"They seem to be doing it right with Granger by playing him 15-18 minutes," the scout said. "If the game's close and they need an important possession, he's not in the game. It's like they're saying let's get him ready for the playoffs, we'll need him for the playoffs. He's not in shape at all, he's not aggressive, he's not trying to do too much. He's just trying to get up and down the floor and get in the flow with what everybody else is doing. By the playoffs, hopefully he can be in shape and he can jell with Paul George.
"If they're starting Granger with Paul George, the question I'd have is whether they'd be able to defend a scoring 2. I think they can because Roy Hibbert will be in the middle, so that even if they give up penetration, he's in there. They defend the paint really well, and when Granger is in the lineup they'll only be getting bigger. Plus, they'll be able to score more than they are right now.
"The minutes for Granger are probably going to come from Lance Stephenson. I wasn't a big fan, but Stephenson has done a lot for them defensively -- and defense is the way they're winning games. Stephenson can't be a point guard because he doesn't handle it well enough to see minutes there. I think he's the one who's going to be hurt by this.
"Lance fits in the role of what they need, and he's gotten better. It will be interesting because he's been playing so well and fitting into their chemistry. A lot of their success going forward is going to depend on Granger's ego and if he can keep it in check and fit in.
"Who knows if Paul George would have been given the freedom to play at that All-Star level if Granger had been playing this year. I don't think it would have happened because George wouldn't have gotten the shot attempts and the green light to be the guy. Granger would have taken that away. It's great for them to see that Paul George could develop into that player. Now they have to make room for Granger to come back in.
"The Pacers probably are the second-best team in the East with how they're playing right now. There is nothing flashy to them. If they get Granger back and clicking the way they've been clicking lately, they're going to present a tough series for Miami. Indiana is great at interior play, and that's where Miami suffers. The goal is to get the other team to play your way, and Indiana is the No. 1 team in the league in transition defense. If they can limit the one-man fast breaks by LeBron [James] and [Dwyane] Wade and they get Miami to play a half-court game, then it's going to be one heck of a series.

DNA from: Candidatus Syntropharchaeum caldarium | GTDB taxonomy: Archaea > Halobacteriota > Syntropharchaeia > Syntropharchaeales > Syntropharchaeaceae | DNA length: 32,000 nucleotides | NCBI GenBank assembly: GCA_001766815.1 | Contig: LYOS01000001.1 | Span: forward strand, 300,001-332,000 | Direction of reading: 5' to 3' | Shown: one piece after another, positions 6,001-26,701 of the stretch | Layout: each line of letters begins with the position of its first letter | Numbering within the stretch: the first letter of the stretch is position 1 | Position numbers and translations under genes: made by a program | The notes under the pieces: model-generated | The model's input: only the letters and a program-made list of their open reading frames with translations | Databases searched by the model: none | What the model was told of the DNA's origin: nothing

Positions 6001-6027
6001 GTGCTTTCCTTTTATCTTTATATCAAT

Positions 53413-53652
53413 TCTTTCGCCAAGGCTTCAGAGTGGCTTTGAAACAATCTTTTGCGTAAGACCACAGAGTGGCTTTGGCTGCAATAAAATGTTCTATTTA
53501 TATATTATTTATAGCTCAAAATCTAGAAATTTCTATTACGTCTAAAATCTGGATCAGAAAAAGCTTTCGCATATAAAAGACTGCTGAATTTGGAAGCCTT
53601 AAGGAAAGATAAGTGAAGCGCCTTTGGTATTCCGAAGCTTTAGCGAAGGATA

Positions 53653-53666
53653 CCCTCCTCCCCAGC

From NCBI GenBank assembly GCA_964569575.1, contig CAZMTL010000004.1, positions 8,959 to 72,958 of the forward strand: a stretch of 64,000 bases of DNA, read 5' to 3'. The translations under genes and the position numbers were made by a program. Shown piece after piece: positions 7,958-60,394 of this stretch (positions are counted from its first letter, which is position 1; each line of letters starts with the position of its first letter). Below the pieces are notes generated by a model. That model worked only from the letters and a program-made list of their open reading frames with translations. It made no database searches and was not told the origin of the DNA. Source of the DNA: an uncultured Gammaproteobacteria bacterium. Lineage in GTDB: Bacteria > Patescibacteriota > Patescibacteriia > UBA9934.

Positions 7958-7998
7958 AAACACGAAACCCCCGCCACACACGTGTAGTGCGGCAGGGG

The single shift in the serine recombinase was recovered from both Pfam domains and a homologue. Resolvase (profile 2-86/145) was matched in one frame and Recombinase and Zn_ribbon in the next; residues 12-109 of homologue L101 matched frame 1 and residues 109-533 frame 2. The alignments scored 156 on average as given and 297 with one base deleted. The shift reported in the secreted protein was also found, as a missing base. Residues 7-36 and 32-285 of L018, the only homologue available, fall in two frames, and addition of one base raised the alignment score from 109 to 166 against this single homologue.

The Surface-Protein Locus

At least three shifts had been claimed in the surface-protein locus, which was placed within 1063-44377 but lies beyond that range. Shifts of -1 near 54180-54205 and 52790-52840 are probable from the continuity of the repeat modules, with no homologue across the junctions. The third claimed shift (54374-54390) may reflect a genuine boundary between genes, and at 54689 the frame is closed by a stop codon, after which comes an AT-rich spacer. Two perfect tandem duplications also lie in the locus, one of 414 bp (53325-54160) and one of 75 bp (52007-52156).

"In the playoffs, the grind-out teams usually win series. The Pacers are an old-fashioned team with two interior players in Hibbert and David West. They contest threes, and Hibbert gets back and defends the paint. Be physical, defend, control the possessions and score -- that's what wins. If any team can get Miami into that half-court game, it's Indiana."
We're running out of time to do this, so here it is. In an All-Star Game between players who entered the NBA in the new millennium (2001 and later) and those who turned pro in the previous millennium (2000 and earlier), who would win? The advantage would go to the younger legs, but -- provided everyone is at full health -- it would be a hard call and absolutely worth watching.
C Kevin Garnett, 1995 No. 5 pick in the draft
F Tim Duncan, 1997 No. 1
F Paul Pierce, 1998 No. 10
G Kobe Bryant, 1996 No. 13
G Steve Nash, 1996 No. 15
F Dirk Nowitzki, 1998 No. 9
F Shawn Marion, 1999 No. 9
F Andrei Kirilenko, 1999 No. 24
G Jamal Crawford, 2000 No. 8
G Ray Allen, 1996 No. 5
G Jason Kidd, 1994 No. 2
G Manu Ginobili, 1999 No. 57
C Dwight Howard, 2004 No. 1
F LeBron James, 2003 No. 1
F Kevin Durant, 2007 No. 2
G Dwyane Wade, 2003 No. 5
G Chris Paul, 2005 No. 4
C Tyson Chandler, 2001 No. 2
F Blake Griffin, 2009 No. 1
F LaMarcus Aldridge, 2006 No. 2
F Carmelo Anthony, 2003 No. 3
G James Harden, 2009 No. 3
G Russell Westbrook, 2008 No. 4
G Tony Parker, 2001 No. 28